§ 25. Mr. Biffen
asked the Secretary of State for Trade and Industry if he will make a statement on the impact of the three-day working on smaller businesses.
§ 31. Mr. Kinnock
asked the Secretary of State for Trade and Industry what representations he has received from organisations representing small firms on the effects of three-day working.
§ Mr. Anthony Grant
At my request, I have had meetings with the CBI Small Firms Council, the Smaller Businesses Association, the Association of British Chambers of Commerce and the National Chamber of Trade. Although the present situation poses serious problems for small firms as well as large, my information is that the majority of small firms are coping well, with a high degree of co-operation between employers and employees. I am naturally watching the position closely and maintaining direct contact with the sector.
§ Mr. Biffen
What representations has my hon. Friend received concerning the 1198 financial problems which are likely to arise for the whole of industry, and especially smaller firms, if the three-day working week persists for a long time?
§ Mr. Kinnock
Will the Minister accept that, contrary to his experience, a lot of small firms are outraged at the administrative chaos which appears to reign in the regional centres of the Department of Trade and Industry? I accept that members of the Department must not bear the blame for that since it must lie with the regulations which they have to apply. Does he appreciate that small firms are fed up with the way in which responsibility is being shuffled off by the regional electricity boards? Does he accept that there is a growing feeling, at least in South Wales, about the enormous disparity of treatment regarding applications and appeals from employers in different regions? Is he aware that some firms in similar areas and with similar demands to others are receiving much smaller allowances of electricity?
§ Mr. Grant
The hon. Gentleman's information from firms in Wales is not the same as that which has been supplied to me by various organisations with which I have spoken, which had considerable praise for the way in which the regional offices were coping with a difficult situation. We shall consider carefully the difficulties which they are experiencing. By and large, the organisations are in complete support of the Government's counter-inflation measures and there is a remarkable degree of co-operation between both sides of industry. In that respect I pay tribute to them.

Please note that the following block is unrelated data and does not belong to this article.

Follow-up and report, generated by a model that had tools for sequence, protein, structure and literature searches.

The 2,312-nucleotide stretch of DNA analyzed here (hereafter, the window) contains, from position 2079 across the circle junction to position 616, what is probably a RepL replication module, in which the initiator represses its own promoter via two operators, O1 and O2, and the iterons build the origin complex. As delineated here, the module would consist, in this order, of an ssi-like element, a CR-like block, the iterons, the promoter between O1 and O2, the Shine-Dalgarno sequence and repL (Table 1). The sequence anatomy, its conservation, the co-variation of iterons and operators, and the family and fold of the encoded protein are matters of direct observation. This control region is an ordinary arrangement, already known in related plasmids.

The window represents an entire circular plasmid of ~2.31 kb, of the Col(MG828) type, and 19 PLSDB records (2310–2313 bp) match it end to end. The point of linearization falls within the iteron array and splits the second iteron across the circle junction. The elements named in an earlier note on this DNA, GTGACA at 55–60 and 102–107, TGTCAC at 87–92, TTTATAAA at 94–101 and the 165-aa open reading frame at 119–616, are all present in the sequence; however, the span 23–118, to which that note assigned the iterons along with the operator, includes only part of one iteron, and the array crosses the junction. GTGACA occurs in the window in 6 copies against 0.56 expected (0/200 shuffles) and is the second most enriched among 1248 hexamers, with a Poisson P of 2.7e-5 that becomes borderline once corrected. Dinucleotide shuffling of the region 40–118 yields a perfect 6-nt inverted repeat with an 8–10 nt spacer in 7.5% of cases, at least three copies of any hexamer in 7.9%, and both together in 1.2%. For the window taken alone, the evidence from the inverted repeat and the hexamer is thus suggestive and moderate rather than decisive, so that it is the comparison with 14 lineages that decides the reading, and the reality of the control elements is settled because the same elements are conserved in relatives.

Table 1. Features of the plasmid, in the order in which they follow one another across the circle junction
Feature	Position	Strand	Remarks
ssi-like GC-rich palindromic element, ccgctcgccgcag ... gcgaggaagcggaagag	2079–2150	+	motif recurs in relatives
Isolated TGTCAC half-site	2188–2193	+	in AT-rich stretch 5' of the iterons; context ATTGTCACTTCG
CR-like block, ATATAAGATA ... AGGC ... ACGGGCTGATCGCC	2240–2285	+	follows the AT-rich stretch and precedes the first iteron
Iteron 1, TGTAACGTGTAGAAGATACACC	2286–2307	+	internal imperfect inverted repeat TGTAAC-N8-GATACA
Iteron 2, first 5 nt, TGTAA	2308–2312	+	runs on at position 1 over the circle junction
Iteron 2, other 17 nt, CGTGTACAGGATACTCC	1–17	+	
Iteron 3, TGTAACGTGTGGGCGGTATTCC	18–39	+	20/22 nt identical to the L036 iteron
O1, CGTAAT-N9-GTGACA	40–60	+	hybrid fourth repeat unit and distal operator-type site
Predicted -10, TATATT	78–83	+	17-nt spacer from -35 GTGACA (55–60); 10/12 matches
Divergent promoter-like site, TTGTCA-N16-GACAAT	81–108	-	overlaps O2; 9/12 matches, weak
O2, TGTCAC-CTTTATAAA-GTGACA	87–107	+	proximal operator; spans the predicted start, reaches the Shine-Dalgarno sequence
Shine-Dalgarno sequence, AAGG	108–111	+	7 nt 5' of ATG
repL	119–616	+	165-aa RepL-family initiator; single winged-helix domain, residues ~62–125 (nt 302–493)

§ Mr. Wyn Roberts
Will my hon. Friend consider introducing a rotational system for the three-day working week? Does he accept that firms working at the end of the week are clearly at a disadvantage compared with their competitors which are working at the beginning of the week?
§ Mr. Ford
Is the hon. Gentleman aware that Lucas Aerospace, one of the smaller companies in its type of business, declared a substantial redundancy over the weekend which it attributed to Government policy? Would the hon. Gentleman accept that as a valid reason for declaring redundancy at this stage?
§ Mr. Alan Williams
Will the hon. Gentleman bear in mind that, as a result of the utterly unnecessary retreat into a three-day working week, many small firms are facing not only critical but crippling cash flow problems resulting in part from the failure of the larger firms to pay their smaller suppliers? What urgent action do the Government intend to take to ease the cash flow situation? Will they consider allowing extra time for the payment of the January value added tax demand and introducing staged payments for partially completed contracts in the public sector?
§ Mr. Grant
Those points have been referred to the Government and are being considered. My right hon. Friend the Chancellor of the Exchequer must consider them as well and will announce in due course what we can do. The Government are naturally watching the cash flow situation very closely and will wish to ensure that the banks have sufficient liquidity to meet the reasonable needs of industry. However, undoubtedly the best contribution which could be made towards solving the difficulties of small firms would be a return to full-time working by the miners and railwaymen.